Five Great Lessons for Retirees
Reprinted courtesy of MarketWatch.com.
To read the original article click here.
Over the past few weeks, a lot of retirees have asked me how they can get their investments back on track.
Often I hear some variation of this: “I used to understand the market, but now I just don’t seem to understand what’s going on.” (Translation: I used to be making money, but now I’m not.)
Usually, I’ll hear this from somebody who was spooked by the market in 2008 and 2009 and responded by adopting what I call the “I can’t stand it anymore” timing system. Often that prompted them to sell their equities and move everything into cash or bond funds.
Now, with interest rates at historic lows and no change in sight, they are finding that the “risk-free” investments they were so eager to buy are not meeting their needs (to say nothing of their desires) for a stable retirement income.
They now believe (with the benefit of 20/20 hindsight) that they should have stayed in the market back then. Yet they’re afraid to get in, thinking another plunge could be around the corner. Meanwhile, they are distressed when they must dip into their principal to pay for living expenses.
What’s needed is a plan to rebuild their retirement portfolios and regain their faith in the future. In 10 steps, any investor can do that. Let me show you how.
One: Get the right balance of stock funds and bond funds to meet your long-term needs and still let you sleep at night. Despite the fiscal cliff and the inevitable short-term swings of the market, you’ll feel immediate relief.
Two: If you are paying higher expenses than you have to, cut it out. You may be able to cut your expenses by 1% a year, keeping that money for yourself and your family. Within any asset class, the most reliable way to boost your return is to cut your expenses. You should be the one cruising to the Greek Islands, not your fund manager.
Three: Get out of mutual funds with high portfolio turnover. High turnover can cost as much as 2% a year, or the difference between making 7% and 9%. Over a few decades, that extra cost can cripple your long-term results.
Four: If your money is in a taxable account, pay extra attention to turnover and tax-efficiency. If you have an IRA or 401(k) as well as a taxable account, use the tax sheltered account more to earn dividend income and the taxable account to earn long-term capital gains. Have your financial adviser or your tax adviser help you find the best way to do this.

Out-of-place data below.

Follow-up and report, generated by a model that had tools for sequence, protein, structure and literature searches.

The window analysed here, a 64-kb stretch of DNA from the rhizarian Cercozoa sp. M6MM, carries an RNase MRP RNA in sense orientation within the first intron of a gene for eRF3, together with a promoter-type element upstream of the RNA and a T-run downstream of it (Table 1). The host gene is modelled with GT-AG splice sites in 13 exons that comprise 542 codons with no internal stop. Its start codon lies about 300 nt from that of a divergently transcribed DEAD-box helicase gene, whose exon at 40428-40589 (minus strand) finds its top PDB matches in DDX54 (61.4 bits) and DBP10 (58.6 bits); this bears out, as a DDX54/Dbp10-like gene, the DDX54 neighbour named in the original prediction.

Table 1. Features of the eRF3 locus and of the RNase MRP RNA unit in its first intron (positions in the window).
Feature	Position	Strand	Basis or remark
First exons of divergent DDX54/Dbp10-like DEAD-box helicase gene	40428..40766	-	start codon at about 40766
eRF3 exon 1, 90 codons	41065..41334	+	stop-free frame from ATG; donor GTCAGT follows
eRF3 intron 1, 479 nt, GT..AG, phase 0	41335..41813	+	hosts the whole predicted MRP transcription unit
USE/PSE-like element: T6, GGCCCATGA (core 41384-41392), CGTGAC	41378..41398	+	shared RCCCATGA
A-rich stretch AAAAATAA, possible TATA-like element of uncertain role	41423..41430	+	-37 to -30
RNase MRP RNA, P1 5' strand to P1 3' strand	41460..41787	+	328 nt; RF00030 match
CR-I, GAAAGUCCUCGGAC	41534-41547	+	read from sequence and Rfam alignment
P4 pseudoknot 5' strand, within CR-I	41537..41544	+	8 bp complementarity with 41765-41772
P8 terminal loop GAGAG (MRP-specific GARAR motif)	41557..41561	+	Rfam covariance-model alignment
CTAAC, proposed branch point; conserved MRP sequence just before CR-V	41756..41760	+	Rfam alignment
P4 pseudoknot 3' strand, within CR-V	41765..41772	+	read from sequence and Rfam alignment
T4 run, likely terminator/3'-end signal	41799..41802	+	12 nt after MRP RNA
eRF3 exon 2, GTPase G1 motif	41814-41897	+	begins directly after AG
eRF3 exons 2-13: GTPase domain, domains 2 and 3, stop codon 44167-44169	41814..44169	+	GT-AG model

Five: Don’t pay a sales commission (load) to buy any mutual fund. You may think the commission pays for useful advice. But studies indicate the opposite is often true. That commission, whether you pay it up front or some other way, directly reduces your return.
Six: Even if this is a bit beyond your comfort level, you can give the equity side of your portfolio a huge boost by investing in asset classes with long histories of beating the Standard & Poor’s 500 Index SPX +0.49% . These include small-cap stocks, value stocks, small-cap value stocks and real estate stocks. All those asset classes are valuable in international versions, along with the emerging markets.
Seven: Control your exposure to risk. The panic of 2008 and 2009 was particularly hard on investors who were not properly diversified. When stocks are going up, it’s easy to buy more, disregarding risk. This is a very bad idea. In bad times, people sell when they can’t stand the pain. This is equally bad.
Eight: Give up trying to outsmart the market. If you pay attention, you’ll almost certainly find that, after years of doing your best to choose hot stocks and fund managers, you haven’t been consistently beating the market. Don’t wait to stop this damage to your portfolio. Become an “indexer” sooner rather than later.
Nine: Stop listening to the “advice” you read and hear from Wall Street and the financial media. These institutions are not designed to help you. They are designed to make money. Directly (in the case of Wall Street) and indirectly (in the case of the media), you are the source of that money and their profits. Instead, rely on disinterested sources like the authors I mention below.
Ten: Educate yourself. Everything I’m suggesting will make more sense and be easier if you understand investing. Here are four books I often recommend: “Mutual Funds For Dummies” by Eric Tyson, “The Little Book of Common Sense” by John Bogle, “Your Money and Your Brain” by Jason Zweig and my own 2011 book “Financial Fitness Forever.” You can buy all four for less than $50. If you apply what you learn in those pages, you will almost certainly save and earn at least 100 times that much.
Don’t feel that you have to do everything at once. If the total of these changes seems overwhelming, take them gradually, or with only a part of your portfolio.
Even if it takes five years to appreciate the value of these recommendations, they are worth following.
Richard Buck contributed to this report.